Provided by:  Jennifer Kirschenbaum, Esq.

October 10, 2023

Seemingly, the government is making a play to disincentive or discourage investment by private equity in healthcare that would resulting in more consolidation.  For proof of this thesis, we can look at the local level in New York with a new material transactions notice requirements for any singular or series of transactions, resulting in gain of more than 25 million in revenue for an entity, and we can look to the federal with the new FTC charges against one of the largest anesthesia providers in Texas, accusing them a price gouging as a result of their consolidation platform.

In the FTC action, the minority owner private equity firm was also named opening up their general partners and limited partner, monies as a potential avenue for recovery - noteworthy and newsworthy.  Unfortunately, with most government cases, the ultimate issue is not whether the government is right or wrong to charge you, the ultimate issue is what are you willing to pay to get the government out of your business and to go away.   US anesthesia, and the private equity fund in the mix, here, understand the stakes for themselves, and also the public. If the FTC receives any settlement whatsoever, this will be the first of many actions against private companies that have been consolidated, and have resulted in higher fee schedules with payors.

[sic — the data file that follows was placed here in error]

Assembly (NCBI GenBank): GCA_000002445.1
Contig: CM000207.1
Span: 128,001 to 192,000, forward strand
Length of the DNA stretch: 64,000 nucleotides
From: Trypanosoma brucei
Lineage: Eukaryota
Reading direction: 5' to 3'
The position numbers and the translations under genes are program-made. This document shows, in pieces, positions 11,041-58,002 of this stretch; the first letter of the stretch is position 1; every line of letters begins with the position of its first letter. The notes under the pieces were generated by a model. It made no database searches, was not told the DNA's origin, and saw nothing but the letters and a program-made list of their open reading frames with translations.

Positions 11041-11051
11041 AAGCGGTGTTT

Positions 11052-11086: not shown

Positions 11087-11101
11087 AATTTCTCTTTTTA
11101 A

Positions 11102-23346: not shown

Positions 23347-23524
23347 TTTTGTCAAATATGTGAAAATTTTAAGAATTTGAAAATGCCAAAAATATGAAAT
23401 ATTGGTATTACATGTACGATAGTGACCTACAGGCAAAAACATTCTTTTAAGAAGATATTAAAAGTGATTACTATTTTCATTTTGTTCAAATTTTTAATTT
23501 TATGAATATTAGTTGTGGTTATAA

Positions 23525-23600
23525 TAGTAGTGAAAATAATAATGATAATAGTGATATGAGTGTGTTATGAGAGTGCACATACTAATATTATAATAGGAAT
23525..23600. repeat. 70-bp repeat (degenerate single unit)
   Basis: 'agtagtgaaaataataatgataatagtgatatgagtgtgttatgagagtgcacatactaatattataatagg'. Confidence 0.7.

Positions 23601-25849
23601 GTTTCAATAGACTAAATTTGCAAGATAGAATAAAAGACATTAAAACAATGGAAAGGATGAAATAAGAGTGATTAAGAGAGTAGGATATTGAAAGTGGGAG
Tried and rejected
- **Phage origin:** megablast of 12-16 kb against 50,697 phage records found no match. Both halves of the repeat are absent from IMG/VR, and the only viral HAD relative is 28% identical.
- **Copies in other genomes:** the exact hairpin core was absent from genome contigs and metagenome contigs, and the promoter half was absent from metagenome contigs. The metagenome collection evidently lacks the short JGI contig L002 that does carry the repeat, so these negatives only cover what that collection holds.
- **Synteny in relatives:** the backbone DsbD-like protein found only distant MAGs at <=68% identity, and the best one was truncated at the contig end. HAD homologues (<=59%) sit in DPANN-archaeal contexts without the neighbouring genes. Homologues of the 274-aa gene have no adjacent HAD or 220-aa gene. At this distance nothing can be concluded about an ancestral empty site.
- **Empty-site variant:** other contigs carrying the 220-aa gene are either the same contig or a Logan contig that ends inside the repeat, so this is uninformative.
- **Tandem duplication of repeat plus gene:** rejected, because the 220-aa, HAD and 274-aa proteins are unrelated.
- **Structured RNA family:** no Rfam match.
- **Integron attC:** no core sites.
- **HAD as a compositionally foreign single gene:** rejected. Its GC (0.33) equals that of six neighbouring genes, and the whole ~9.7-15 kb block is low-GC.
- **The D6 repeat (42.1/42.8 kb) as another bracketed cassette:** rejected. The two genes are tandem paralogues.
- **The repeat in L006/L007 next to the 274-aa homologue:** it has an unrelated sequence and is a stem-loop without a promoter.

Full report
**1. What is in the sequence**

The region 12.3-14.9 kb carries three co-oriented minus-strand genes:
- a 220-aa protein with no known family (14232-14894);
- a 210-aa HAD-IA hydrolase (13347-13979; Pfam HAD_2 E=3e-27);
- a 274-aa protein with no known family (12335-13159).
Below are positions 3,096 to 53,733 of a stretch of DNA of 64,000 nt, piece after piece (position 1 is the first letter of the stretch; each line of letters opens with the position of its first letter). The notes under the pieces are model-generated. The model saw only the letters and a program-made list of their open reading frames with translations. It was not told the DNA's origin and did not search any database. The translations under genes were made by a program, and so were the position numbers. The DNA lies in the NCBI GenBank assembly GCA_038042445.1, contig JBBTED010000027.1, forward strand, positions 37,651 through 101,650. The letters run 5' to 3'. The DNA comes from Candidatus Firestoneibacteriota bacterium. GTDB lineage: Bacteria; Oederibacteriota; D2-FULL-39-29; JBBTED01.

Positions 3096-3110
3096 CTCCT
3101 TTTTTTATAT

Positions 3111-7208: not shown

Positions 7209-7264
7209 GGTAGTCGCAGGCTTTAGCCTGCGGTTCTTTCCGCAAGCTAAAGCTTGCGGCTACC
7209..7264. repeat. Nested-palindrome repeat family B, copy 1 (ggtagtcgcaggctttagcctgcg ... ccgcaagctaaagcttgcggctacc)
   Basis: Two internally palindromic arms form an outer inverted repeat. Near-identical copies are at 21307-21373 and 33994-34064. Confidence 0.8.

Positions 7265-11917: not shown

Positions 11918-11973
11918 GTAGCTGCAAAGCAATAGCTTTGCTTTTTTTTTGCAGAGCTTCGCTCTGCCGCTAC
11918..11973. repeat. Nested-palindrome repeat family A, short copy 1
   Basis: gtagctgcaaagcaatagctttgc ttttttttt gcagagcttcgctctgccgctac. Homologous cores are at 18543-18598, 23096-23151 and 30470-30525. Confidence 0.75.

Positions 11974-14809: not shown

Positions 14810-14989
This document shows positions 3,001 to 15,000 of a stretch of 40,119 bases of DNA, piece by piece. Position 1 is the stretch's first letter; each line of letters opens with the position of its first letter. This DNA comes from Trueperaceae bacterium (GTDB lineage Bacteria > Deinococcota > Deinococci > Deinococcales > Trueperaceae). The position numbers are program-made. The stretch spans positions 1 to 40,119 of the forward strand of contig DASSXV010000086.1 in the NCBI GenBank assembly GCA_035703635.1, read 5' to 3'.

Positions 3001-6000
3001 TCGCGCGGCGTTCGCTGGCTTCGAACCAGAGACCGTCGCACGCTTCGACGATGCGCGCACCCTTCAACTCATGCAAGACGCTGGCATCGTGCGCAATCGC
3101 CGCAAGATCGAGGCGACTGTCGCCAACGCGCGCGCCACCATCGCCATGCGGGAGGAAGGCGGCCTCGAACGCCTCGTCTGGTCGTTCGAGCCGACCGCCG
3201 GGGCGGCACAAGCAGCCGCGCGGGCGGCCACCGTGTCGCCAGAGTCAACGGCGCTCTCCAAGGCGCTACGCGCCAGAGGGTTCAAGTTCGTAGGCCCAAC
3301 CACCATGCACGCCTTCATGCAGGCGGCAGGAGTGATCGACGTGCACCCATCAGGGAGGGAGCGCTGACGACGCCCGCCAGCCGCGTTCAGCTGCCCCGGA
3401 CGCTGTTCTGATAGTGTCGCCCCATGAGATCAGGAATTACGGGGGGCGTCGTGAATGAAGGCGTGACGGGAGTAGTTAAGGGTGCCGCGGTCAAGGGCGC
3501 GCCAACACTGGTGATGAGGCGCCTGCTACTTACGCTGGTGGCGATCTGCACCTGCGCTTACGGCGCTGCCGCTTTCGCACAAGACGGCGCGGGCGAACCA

For the New York law that went into effect in August, we have one transaction that’s been posted to the NYS site as having disclosed, which was an internal re-organization, and cash out for certain Gastro partners in a large group.  We have yet to see how the law will enable interference in transactions, and where New York State and interest by PE goes from here.  

What I do know, for sure is both the FTC action in Texas and New York law and other surrounding states similar laws and regulations are likely to give pause, at a minimum, to certain investors funding private equity, and possibly the private equity firms themselves to potentially seek a less regulated industry then patient-serving healthcare.  What a ripple effect will be may be hard to see given the cooling off period in general, as a result of rising interest rates, and the economy overall; time will tell.